Trying to quit smoking and save money can be hard for anyone trying to kick the habit. One way to do both is to switch to e-cigarettes. Having risen in popularity in the last few years e-cigs, vape or vaping, have become a way of life for current and former smokers.

These products contain nicotine which is an addictive drug and can cause health problems. At no point do we intend to endorse the use of any nicotine or smoking based products. 

Just smoking two cigarettes a day will cost £363 a year – that includes £3 for lighters (based on £10 rrp of Benson and Hedges Gold 20 pack). If we looked at the national average of 12 cigarettes smoked per day (based on Office of National Statistics 2013 figures), that cost goes up to £2193. So it’s easy to see why some smokers consider making the change.

If you’re thinking of switching to e-cigs, you may need to know about some new changes that come into force from May this year.

What’s changing with e-cigs and vaping?

The main changes you need to know about concern refills for current e-cig and pen devices:

  • Maximum size of e-cig refill containers, containing nicotine, will be limited to 10ml.
  • The maximum nicotine strength of an e-liquid will be 20mg. Previously you could get up to 36mg of nicotine per millilitre in a refill. Meaning that you could be burning through more liquid to get your nicotine hit – though it could be cheaper than a cigarette.
  • New e-cig and vape cartridges will need to be child and tamper proof – meaning that you may have to buy a new device or refill type to accommodate this.

These changes were announced in 2016, but manufacturers will have up to a year to sell and replace existing stock before the new regulations start in May 2017.

Packaging for e-cigs and Vaping products

You’ll be seeing a lot more warnings on electronic products that feature nicotine. Previously this wasn’t the case.

Types of e-cig devices

The current market is flooded with different brands to choose from. But the main types of device are:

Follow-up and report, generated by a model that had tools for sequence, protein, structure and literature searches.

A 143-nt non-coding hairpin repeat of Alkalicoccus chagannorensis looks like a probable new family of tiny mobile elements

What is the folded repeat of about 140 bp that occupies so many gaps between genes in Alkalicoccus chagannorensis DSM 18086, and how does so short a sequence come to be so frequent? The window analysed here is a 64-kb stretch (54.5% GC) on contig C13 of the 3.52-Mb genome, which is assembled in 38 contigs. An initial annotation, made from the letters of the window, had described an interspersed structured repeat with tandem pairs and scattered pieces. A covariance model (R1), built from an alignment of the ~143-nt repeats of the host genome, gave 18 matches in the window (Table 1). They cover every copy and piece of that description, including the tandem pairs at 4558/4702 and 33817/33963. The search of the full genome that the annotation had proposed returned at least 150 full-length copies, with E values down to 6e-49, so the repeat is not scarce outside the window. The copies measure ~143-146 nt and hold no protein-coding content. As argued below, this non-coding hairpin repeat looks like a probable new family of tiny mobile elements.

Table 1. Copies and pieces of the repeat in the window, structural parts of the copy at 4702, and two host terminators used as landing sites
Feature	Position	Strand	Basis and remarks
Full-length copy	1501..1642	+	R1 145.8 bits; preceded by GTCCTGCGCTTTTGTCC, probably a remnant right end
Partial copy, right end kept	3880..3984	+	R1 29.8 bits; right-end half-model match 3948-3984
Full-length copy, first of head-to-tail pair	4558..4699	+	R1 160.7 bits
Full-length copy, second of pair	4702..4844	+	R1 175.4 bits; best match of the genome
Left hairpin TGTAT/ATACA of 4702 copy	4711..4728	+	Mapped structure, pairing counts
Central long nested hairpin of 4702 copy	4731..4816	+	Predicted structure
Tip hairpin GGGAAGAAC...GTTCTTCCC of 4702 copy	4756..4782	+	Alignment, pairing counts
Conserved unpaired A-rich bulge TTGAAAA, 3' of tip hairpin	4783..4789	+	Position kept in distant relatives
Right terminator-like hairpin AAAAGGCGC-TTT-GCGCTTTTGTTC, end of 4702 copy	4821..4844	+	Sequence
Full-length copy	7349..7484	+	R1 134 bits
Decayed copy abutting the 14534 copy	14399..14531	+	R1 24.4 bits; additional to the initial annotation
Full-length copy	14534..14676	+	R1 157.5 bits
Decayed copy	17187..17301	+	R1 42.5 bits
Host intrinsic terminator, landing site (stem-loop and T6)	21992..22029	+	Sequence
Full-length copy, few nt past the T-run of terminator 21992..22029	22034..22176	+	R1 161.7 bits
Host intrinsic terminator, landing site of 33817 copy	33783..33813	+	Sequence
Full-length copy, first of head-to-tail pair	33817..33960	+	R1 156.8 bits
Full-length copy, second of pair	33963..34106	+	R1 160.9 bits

• E-cigs – these look like traditional cigarettes. Prices start from around £15
  • Vape pens – look slightly larger than e-cigs and, as the name suggests, look like pens. You’re more likely to see these being used by smokers/ vapers.  Prices start from around £20
  • Box Mods (known as Sub-Ohm vaping) – the larger variety of vaping devices that also produce big clouds when you use them. Prices start from around £30.

Other running costs to consider with vaping – do e-cigs save money?

Charging – as the devices are electronic you’ll need to charge them – how frequently depends on battery life and usage.

Replacement battery – from what we’ve read, the 18650 type of batteries are common in a lot of vape pen and box mods. These will normally last for around 300 charges and cost around £10-15.

Refills – this is what contains the nicotine you’ll be inhaling and the lifetime will vary depending on how frequently you vape. These vary in price and start from around £5 a bottle.

Replacement parts – depending on what you use, there are various consumable parts that may need to be replaced such as heating coils which help to create the vapour.

Can I get an e-cig on prescription or the NHS?

As e-cigarettes can help you stop smoking there are obvious health benefits. Brands such as Vype, E-lites, Blu, Aspire and VIP are now commonplace on the high street. But can you get one on the NHS?

“E-cigarettes are not currently available from the NHS on prescription. Once medicinally licensed e-cigarette products come onto the market, GPs and stop smoking services will be able to prescribe them alongside other stop smoking medicines.”


There’s no doubt that quitting smoking would be good for you. But if you switch to vaping it could be a cheaper and safer alternative.

“Public Health England’s independent review of the latest evidence found that using an e-cigarette (known as ‘vaping’) is around 95% safer than smoking”